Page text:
Los Angeles Times

Port truckers plan strike

The company, Pacific 9 Transporta­tion, serves the L. A. and Long Beach ports.

- By Daina Beth Solomon daina. solomon @ latimes. com

Drivers at Pacific 9, a firm that serves the L. A. and Long Beach ports, want to be deemed employees.

Drivers at a trucking company serving the Los Angeles and Long Beach ports plan to walk away from their jobs Tuesday in an ongoing struggle to be deemed employees, a union representa­tive said.

The truckers are also demanding wages they say they are owed by their employer, Pacific 9 Transporta­tion, after working as independen­t contractor­s rather than company employees.

The picket lines, scheduled to go up around the company’s truck yard and port terminals at 6 a. m. Tuesday, will mark the sixth strike against the company in nearly two years, Teamsters Union spokeswoma­n Barbara Maynard said.

She didn’t know how many drivers would abandon their posts but said the strike could go on indefinite­ly.

In the past, drivers returned to work after several days because they needed the income. Some may never return to Pacific 9, Maynard said, because they have a good chance of joining companies that began offering employee status— including hourly wages and medical insurance— as a result of recent strikes against several trucking firms.

EcoFlow Transporta­tion and Shippers Transport Express, for example, now take on drivers as employees and allow unions.

Maynard said the striking drivers hope that Pacific 9will followsuit.

“Our goal is to impact this company so that they actually turn their ship around,” she said.

Pacific 9, which has hauled cargo for Wal- Mart, Costco and CVS, was ordered by the California Labor Commission­er in December to pay three drivers a total of nearly $ 255,000 in back wages and penalties. The company is facing 40 other wage theft claims that show it owes drivers a total of $ 6 million, according to the Teamsters.

The National Labor Relations Board ruled last year that Pacific 9, which has fewer than 100 trucks registered at the L. A. and Long Beach ports, should allow drivers to unionize and post signs informing workers of that right. But the Teamsters say that Pacific 9 never properly did so and that the matter is back under the labor board’s review.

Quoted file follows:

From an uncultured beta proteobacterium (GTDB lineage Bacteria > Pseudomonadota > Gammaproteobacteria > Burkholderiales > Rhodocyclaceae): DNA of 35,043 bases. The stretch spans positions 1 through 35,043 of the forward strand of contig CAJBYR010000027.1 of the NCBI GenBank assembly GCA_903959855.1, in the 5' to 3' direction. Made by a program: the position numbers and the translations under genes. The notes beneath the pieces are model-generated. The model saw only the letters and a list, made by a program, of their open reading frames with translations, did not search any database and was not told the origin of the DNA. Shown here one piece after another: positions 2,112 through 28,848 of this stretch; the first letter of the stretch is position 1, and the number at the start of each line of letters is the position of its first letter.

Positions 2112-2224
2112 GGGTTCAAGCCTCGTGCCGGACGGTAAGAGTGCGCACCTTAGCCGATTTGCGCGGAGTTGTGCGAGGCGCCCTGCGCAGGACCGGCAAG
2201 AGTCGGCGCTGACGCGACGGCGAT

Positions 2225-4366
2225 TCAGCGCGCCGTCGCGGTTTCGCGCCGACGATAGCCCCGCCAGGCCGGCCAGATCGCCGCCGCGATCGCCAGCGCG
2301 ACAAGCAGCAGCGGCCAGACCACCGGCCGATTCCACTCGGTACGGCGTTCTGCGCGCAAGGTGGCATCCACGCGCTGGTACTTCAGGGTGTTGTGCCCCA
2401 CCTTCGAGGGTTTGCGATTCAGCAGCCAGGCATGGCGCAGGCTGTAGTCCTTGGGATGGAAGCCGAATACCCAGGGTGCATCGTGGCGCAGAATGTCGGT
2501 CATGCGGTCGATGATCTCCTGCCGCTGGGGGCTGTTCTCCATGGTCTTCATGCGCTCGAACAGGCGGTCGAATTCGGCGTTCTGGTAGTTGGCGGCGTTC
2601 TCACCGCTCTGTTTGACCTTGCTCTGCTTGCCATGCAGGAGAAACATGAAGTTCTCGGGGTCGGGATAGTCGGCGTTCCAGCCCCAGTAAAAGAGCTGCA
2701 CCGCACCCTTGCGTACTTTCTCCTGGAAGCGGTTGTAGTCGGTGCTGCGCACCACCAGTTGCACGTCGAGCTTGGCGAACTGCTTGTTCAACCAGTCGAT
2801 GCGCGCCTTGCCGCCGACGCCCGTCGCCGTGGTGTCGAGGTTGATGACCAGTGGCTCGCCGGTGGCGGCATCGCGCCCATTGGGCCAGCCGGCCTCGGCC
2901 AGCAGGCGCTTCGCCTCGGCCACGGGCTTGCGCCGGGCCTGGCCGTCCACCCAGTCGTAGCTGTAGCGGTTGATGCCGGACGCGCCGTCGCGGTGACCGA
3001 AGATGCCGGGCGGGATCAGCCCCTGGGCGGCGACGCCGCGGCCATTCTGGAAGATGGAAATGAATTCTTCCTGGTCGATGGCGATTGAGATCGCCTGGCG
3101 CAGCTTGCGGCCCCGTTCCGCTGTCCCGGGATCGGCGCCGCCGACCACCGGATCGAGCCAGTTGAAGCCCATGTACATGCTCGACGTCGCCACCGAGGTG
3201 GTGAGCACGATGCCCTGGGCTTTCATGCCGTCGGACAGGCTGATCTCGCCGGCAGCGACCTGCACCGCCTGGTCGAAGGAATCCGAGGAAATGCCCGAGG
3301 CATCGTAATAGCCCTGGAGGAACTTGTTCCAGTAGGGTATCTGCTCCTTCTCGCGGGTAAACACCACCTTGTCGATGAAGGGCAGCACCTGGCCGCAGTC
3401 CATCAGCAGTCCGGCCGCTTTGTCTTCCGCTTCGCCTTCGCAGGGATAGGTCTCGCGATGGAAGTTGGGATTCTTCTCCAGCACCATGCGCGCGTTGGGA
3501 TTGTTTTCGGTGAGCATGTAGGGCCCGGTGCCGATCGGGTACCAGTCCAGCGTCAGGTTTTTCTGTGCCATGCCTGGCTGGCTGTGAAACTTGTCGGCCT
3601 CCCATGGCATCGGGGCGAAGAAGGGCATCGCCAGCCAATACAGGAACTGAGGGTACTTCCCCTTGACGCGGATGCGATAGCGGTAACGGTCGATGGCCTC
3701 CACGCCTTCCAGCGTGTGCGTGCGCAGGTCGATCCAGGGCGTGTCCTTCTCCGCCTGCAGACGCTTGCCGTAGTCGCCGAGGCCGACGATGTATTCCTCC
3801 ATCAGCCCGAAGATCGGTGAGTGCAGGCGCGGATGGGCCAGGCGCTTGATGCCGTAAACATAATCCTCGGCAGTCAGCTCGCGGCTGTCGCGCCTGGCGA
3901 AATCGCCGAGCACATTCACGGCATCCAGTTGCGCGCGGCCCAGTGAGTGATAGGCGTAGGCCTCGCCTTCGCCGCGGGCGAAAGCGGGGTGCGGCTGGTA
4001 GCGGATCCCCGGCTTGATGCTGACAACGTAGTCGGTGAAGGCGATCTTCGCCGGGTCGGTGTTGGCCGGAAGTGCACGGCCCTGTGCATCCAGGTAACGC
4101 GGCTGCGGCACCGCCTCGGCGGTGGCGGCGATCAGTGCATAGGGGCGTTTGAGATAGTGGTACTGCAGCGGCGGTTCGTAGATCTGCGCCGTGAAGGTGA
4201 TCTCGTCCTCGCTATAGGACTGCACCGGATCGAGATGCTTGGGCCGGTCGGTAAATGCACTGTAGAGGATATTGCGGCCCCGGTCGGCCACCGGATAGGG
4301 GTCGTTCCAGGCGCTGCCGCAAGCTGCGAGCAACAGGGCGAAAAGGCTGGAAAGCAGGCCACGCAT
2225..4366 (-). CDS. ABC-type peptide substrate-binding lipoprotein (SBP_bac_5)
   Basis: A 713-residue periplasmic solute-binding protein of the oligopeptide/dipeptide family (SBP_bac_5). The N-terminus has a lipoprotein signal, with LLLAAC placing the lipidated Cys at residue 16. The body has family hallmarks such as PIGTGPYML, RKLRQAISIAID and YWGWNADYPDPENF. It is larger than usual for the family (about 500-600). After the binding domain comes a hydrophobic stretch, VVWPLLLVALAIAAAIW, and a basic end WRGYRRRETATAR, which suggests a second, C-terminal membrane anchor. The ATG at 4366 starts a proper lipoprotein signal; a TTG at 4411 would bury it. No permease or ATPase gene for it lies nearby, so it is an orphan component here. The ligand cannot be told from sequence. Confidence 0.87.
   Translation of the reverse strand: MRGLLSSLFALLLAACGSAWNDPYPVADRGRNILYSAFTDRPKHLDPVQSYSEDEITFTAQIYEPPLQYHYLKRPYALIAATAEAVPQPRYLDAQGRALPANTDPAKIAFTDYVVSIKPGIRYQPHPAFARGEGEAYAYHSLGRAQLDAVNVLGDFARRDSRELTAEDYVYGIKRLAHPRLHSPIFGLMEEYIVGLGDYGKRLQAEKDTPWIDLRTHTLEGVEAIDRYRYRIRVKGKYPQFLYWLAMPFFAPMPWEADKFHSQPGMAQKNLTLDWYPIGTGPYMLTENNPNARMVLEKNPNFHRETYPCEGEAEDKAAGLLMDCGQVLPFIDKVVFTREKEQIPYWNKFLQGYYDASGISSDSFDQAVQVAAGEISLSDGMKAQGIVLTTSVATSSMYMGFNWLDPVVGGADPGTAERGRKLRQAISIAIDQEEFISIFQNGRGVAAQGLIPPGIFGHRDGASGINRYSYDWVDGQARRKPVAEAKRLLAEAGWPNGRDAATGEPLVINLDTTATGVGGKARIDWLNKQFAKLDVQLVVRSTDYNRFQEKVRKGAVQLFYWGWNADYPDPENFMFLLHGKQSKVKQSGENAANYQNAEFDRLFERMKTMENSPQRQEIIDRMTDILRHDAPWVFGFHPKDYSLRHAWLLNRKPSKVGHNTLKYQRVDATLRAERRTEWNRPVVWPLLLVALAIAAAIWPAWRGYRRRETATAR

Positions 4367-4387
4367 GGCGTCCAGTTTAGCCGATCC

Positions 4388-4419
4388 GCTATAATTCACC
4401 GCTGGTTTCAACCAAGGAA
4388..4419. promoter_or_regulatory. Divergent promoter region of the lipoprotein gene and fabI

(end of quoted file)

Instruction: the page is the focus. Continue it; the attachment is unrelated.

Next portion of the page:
“There’s a fundamenta­l dispute about whether the drivers are employees, as they contend, or independen­t contractor­s, as Pacific 9 contends,” said Thomas Lenz, an attorney representi­ng Pacific 9.

A Pacific 9 spokesman said the company would not comment on the planned strike because it is facing several lawsuits relating to allegation­s of wage theft and worker classifica­tion.

A dozen Teamsters supporters, including Pacific 9 truckers, gathered Monday in downtown L. A. outside the Kenneth Hahn Hall of Administra­tion, where the Los Angeles County Board of Supervisor­s will meet Tuesday to vote on whether to commission a study on wage theft regulation­s.

Amador Rojas, 58, said he has filed a wage theft claim for $ 270,000 covering three years of driving for Pacific 9. In his nine years with the company, Rojas said he has had to cover his own truck lease, repair, insurance and fuel costs.

“All the costs, we pay ourselves,” he said in Spanish. “Sometimes we come out with a negative check” after expenses.

 ?? Mark Boster
Los Angeles Times ?? A SECURITY OFFICER keeps watch on independen­t port truck drivers who are seeking to be classified as company employees during a protest in November.
Mark Boster Los Angeles Times A SECURITY OFFICER keeps watch on independen­t port truck drivers who are seeking to be classified as company employees during a protest in November.

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